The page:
Marco Polo
Italian trader and traveler

1254 - ~1324

Marco Polo, an Italian trader and traveler, became famous for his travels in central Asia and China. He wrote a book that gave Europeans some of their earliest information about China, which was then called Cathay.

Marco was born in Venice. His father, Nicolo Polo, was a merchant. Nicolo and his brother, Maffeo Polo, had left on a trading mission shortly before Marco's birth. Marco's mother died when he was a young boy, and an aunt and uncle raised him. They trained him to be a merchant. Besides reading, writing, and arithmetic, Marco learned about using foreign money, judging products, and handling cargo ships.

Nicolo and Maffeo Polo returned to Venice in 1269. The brothers had traveled to eastern Asia and had met the Mongol ruler Kublai Khan in China. The Khan had invited them to visit China again, and so they prepared for another expedition--one that would include Marco.

In 1271, Marco Polo--then 17 years old--and his father and uncle sailed from Venice to Acre (now Akko), a port in Palestine. From there, they rode camels to the Persian port of Hormuz, which is now in Iran. The Polos wanted to sail to China from Hormuz, but the ships available there did not seem seaworthy. The travelers continued by camel across the deserts and mountains of Asia. More than three years after leaving Venice, they reached Kublai Khan's summer palace in Shangdu (also spelled Shang-tu), near what is now Kalgan. The Khan gave the Polos a hearty welcome.

Kublai Khan valued the experience and knowledge of his guests. Marco knew four languages, and the Khan sent him on many official tours of the kingdom. These tours took Marco to China's southern and eastern provinces and as far south as Burma. Marco served as a government official in the Chinese city of Yangzhou (also spelled Yang-chou) for three years.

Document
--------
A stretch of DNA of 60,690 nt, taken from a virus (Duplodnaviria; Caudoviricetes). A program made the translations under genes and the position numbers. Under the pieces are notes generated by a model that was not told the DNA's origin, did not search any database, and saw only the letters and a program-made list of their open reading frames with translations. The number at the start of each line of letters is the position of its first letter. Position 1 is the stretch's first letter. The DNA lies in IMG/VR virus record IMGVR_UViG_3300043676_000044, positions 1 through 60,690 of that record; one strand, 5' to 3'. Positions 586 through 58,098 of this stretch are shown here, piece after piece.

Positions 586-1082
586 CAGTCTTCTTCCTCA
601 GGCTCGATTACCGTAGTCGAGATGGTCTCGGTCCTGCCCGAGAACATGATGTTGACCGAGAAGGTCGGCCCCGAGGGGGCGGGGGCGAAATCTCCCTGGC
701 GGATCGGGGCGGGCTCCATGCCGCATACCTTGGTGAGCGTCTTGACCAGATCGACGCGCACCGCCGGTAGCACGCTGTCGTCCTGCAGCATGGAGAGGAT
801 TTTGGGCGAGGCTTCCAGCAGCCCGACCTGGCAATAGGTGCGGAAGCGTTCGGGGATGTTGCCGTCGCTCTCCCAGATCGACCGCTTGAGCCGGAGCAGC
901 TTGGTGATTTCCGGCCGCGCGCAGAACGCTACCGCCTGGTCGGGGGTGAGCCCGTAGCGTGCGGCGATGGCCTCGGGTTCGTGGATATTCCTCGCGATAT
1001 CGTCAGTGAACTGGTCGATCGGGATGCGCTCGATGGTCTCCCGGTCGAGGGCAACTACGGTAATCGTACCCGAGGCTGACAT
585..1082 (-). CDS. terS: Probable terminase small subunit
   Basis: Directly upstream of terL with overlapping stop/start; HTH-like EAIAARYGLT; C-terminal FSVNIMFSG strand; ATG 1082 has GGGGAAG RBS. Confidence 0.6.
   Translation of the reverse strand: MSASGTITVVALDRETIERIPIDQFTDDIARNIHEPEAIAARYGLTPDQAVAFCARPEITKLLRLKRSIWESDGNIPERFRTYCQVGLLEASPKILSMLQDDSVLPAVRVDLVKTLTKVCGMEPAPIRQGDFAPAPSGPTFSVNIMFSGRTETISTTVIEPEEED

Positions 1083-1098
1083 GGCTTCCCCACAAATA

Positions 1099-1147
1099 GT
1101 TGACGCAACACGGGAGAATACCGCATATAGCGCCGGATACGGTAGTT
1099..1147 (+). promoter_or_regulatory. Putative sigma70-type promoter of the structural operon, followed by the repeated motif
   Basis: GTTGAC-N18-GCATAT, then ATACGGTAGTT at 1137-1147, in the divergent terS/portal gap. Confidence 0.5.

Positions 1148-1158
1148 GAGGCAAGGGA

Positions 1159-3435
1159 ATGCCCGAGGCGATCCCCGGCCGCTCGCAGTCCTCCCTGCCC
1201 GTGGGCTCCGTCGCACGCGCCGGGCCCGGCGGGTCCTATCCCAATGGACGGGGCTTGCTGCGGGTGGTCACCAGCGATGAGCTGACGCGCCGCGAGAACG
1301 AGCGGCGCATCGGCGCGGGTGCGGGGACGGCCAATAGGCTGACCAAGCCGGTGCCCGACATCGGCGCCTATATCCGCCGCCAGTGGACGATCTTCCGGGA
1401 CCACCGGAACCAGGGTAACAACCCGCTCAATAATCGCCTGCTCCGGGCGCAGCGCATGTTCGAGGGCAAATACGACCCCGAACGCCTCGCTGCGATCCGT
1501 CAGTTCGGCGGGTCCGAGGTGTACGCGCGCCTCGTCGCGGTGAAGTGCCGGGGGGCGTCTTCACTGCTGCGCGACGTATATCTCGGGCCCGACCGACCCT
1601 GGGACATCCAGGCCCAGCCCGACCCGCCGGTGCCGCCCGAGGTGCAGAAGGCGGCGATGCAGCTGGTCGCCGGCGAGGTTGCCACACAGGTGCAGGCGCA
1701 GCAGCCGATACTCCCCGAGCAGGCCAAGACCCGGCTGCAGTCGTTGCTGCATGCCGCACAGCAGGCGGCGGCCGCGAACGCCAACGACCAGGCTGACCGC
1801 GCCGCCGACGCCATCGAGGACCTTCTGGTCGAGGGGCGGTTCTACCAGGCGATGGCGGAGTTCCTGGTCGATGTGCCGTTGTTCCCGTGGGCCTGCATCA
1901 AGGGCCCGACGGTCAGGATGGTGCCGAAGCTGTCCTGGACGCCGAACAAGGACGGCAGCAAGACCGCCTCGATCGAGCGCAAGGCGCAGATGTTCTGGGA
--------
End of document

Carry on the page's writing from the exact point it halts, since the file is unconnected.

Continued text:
As time passed, the Polos began to worry about returning home safely. Kublai Khan did not want the Polos to leave China, but they believed that if Kublai Khan were to die before they left China, his enemies might capture them. Finally, in 1292, their chance came. The Khan's great-nephew, the Mongol ruler of Persia, had sent representatives to China to bring him back a bride. The representatives asked the Polos to accompany them on their return to Persia. Kublai Khan reluctantly agreed. That same year, the Polos and a fleet of 14 junks sailed from Zaitun (now Quanzhou, also spelled Ch"uan-chou), a port in southern China.

The fleet sailed to what is now Singapore. From there, it traveled north of Sumatra and then around the southern tip of India. The Polos crossed the Arabian Sea to Hormuz. There, they left the wedding party and traveled overland to the Turkish port of Trebizond (now Trabzon). They sailed to Constantinople and from there to Venice, arriving in 1295. Their journey to China and back probably totaled nearly 15,000 miles (24,100 kilometers). The men had been gone for 24 years.

The Polos returned from China with many riches. Kublai Khan had given them ivory, jade, jewels, porcelain, silk, and other treasures. When they arrived in Venice, the city was at war with Genoa, its long-time rival. In 1296, the Genoese captured and jailed Marco Polo. Historians do not know the details of his capture. In prison, Polo decided to write about his travels. Aided by his notes, he dictated the story to a popular writer, Rustichello of Pisa. Rustichello translated it into Old French, the literary language of Italy at the time. The book was completed in 1298.

In his book, called Description of the World, [excerpt] Polo told about Kublai Khan's prosperous, advanced empire. He described the Khan's postal system, which consisted of a vast network of courier stations. Riders on horseback relayed messages from one station to another.

Polo commented on many Chinese customs, such as the mining and use of coal as fuel. Coal had not yet been used in Europe. Polo called coal black stones. He also marveled at the Chinese use of paper money, which bore the seal of the emperor. At that time, Europeans traded with heavy coins made of copper, gold, or lead.

Printing had not yet been invented in Europe, and so scholars copied Polo's book by hand. Description of the World was widely read in Europe and may have influenced many explorers. It affected Christopher Columbus's estimate of the distance between Spain and Asia.

Description of the World stimulated European interest in Asia and helped bring to Europe such Chinese inventions as the compass, papermaking, and printing [and pasta.] Genoa and Venice made peace in 1299. Polo was freed and returned to trading in Venice.

< See Mongol Empire

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